The best is probably this one, but it'll cost you a pound of flesh or thereabouts.

Best bang for the buck? A U-lock with a sturdy cable, and yes, the good ones will cost you. I have no experience with the Onguards but the good Abus or Kryptonite U-locks start at $50. Then, on the other hand, whatever lock you go for will be better than none at all, since most of its use is deterrent. If they really want your bike, they'll get it.

u/Where_You_Want_To_Be · 2 pointsr/hondagrom

I had my GSXR600 stolen a few years ago, luckily I put GPS on it and I was able to recover it. I left it unlocked at my old apartment complex (used to chain it to a post with a huge Kryptonite MC chain/lock) for less than 6 hours, ONE TIME, and it was gone.

Besides using a disc brake lock, I also bought one of these:

D-yun Fake CAR Motor Alarm No Wiring Only Led Flash

It’s just a flashing LED, and I velcro’d the battery box to the frame underneath a fairing, so I can still switch it on and off easily, and change out the batteries. Then, I put the LED kind of near the triple clamp so that you can see it blinking if you were to sit on the bike, or look near the gauges. I use Lithium batteries and the thing lasts for 4 months or so, sometimes I even forget to turn the LED off for weeks, and it still doesn’t die. I would say this is absolutely worth the $10 on amazon.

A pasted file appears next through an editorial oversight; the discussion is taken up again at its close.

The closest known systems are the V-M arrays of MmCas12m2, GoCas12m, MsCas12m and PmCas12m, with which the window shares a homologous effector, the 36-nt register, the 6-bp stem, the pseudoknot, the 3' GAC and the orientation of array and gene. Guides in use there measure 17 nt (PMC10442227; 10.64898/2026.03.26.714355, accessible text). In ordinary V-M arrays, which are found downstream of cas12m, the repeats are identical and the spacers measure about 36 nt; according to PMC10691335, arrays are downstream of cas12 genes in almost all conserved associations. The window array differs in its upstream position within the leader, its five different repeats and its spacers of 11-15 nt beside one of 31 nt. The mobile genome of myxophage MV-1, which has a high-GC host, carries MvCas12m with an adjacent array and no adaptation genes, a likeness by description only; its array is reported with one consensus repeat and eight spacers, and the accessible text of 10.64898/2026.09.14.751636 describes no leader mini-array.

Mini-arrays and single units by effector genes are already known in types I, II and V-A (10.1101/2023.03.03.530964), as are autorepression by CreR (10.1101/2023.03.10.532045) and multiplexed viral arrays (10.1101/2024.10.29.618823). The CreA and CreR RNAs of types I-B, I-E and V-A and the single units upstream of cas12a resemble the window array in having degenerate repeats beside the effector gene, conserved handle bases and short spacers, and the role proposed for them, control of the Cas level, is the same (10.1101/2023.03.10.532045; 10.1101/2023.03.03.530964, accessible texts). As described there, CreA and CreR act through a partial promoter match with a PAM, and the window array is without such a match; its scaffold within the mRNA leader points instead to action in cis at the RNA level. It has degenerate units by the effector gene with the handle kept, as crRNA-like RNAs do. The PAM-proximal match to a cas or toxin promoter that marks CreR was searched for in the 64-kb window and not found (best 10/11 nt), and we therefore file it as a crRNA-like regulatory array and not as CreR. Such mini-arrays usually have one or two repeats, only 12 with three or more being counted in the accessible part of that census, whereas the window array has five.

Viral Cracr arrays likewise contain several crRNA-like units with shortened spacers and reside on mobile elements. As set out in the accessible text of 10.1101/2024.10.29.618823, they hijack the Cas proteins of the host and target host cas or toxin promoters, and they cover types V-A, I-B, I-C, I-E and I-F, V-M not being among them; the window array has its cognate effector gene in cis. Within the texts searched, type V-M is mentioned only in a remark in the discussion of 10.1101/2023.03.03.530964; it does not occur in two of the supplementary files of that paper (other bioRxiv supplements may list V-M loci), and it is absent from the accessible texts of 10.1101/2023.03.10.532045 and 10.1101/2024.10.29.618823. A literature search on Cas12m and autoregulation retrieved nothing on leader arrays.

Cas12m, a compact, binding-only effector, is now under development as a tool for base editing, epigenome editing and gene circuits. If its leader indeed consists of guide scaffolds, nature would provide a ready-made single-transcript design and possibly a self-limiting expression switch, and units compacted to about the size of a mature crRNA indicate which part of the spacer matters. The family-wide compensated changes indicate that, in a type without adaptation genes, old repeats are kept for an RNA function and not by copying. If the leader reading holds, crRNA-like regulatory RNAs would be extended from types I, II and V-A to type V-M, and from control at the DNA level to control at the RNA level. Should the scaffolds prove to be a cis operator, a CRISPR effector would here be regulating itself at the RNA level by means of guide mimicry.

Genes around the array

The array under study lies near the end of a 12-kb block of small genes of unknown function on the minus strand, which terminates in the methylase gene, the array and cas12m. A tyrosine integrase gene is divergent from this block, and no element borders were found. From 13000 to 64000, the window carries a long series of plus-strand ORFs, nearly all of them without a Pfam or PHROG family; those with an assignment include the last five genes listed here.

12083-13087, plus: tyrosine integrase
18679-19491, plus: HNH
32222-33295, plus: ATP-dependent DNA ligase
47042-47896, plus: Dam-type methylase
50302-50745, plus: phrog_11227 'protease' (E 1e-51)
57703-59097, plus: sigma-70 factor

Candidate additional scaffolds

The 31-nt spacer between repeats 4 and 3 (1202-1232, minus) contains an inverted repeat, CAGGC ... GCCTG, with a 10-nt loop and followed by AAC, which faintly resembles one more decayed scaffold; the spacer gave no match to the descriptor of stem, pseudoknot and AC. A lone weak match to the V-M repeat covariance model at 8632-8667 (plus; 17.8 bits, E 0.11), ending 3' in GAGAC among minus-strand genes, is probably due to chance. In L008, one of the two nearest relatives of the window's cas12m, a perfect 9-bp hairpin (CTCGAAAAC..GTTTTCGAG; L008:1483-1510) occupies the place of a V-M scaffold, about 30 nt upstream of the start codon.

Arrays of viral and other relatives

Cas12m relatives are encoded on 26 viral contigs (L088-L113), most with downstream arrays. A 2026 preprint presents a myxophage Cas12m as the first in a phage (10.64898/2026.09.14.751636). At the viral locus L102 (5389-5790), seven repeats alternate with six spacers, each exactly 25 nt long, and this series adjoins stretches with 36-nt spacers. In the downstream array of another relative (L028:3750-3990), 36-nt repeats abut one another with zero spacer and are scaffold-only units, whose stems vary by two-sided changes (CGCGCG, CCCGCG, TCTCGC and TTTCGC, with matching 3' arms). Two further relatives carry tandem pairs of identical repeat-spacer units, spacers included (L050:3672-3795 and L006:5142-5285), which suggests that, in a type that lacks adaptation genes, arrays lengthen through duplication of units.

Most bike thefts are just crimes of opportunity, and if someone sees a little light blinking down near your gauges, the best you can hope for is that they move on to someone else’s bike.

I recommend a disk brake lock, but with Groms, the things are so light that it’s not really hard to just pick it up and put it in the back of a truck and drive off. So don’t rely solely on the disk lock. Locking it to a post with a serious chain is much better than just a disk brake lock, but then you have to bring a chain with you in your backpack. I used to use this one at my apartment complex, but there's no way you could carry it around in a backpack, the thing weighs like 20 pounds. (Also, you can see in the reviews plenty of people still cut through these. A battery-powered angle grinder will pretty much get you through most locks/chains. Which is why the goal is just to make your bike harder to steal than all the other bikes around it.)